Introduction

It was with the encouragement of the late Dr. John F. Fulton, professor at Yale University School of Medicine, that Dr. Stefansson undertook to organize in the form of a book his anthropological observations on cancer. Professor Fulton had intended to write the preface for this book, but unfortunately did not live long enough to do it. In taking his place, I cannot do better than try to state the reasons that probably enlisted his interest in this study.

Professor Fulton was a historian of medicine, and his knowledge of the past had made clear to him that the pattern of disease in different places has greatly changed in the course of time. History shows that each type of civilization, like each social group and each way of life, has diseases which are peculiar to it. While this fact is well recognized by medical historians, its explanation is a matter of controversy. Is the reason for the variability in incidence of disease to be sought in peculiarities of human constitution, in genetic traits that condition susceptibility and resistance? Or are environmental conditions and living habits the more important factors in determining the types of pathological disorders most common in a given community? The very statement of these questions suggests the almost insuperable difficulties that stand in the way of a decision between the alternatives on the basis of historical records.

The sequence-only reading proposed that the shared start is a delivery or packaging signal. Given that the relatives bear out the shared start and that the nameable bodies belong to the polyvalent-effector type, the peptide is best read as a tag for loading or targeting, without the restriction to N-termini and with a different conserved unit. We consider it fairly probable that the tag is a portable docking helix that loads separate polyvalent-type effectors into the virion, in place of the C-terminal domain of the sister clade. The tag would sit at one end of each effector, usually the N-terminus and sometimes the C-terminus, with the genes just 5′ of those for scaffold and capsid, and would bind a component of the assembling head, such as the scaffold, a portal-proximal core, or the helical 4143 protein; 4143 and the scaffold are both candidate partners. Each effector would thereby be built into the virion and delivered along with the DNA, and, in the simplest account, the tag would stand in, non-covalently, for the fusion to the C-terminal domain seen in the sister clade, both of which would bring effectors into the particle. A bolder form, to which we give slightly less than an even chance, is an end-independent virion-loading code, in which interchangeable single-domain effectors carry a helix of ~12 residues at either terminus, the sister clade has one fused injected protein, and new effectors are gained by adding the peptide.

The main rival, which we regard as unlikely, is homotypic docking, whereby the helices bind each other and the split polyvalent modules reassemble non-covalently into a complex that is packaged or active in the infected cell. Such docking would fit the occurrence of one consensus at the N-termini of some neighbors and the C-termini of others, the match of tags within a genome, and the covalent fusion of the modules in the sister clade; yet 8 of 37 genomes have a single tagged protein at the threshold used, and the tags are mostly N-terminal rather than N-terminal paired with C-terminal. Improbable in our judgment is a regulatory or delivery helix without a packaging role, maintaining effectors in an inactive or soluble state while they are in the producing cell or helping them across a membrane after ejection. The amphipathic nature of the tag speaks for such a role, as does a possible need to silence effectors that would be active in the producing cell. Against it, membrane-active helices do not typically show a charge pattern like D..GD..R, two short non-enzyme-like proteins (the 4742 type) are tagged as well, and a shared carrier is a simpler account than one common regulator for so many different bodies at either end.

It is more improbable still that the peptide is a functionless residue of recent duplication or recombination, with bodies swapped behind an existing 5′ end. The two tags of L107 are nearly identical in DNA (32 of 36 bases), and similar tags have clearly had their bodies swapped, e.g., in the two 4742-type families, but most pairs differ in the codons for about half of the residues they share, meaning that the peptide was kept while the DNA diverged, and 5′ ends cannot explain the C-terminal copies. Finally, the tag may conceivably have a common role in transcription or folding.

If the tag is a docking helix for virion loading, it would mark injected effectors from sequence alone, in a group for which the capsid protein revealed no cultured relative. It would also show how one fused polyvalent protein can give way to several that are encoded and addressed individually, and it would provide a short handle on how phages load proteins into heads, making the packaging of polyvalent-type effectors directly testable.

Fortunately, the past still survives today in the form of a few populations which have remained almost completely isolated so far, and whose mode of life for this reason differs profoundly from that of modern man. In other words, these primitive peoples constitute control groups for the study of what modern civilization has done to man. However, the time for studying the surviving primitive populations is getting short because everywhere ancient social structures are disappearing or are being grossly altered.

The Eskimos have probably been isolated as long as any primitive people. Indeed, they still had a Stone Age culture a few decades ago, and they therefore provide excellent material for anthropological studies. As everyone knows, Dr. Stefansson lived among them, practically as one of them, before their ways of life had been modified by other human contacts. He thus had the opportunity to observe at first hand what human beings can be like, biologically and socially, when not conditioned by modern technology. In several fascinating books he has described some aspects of life among Stone Age Eskimos. In the present study, he has selected from his broad knowledge the facts that pertain to the occurrence among them of various forms of disease and particularly of cancer.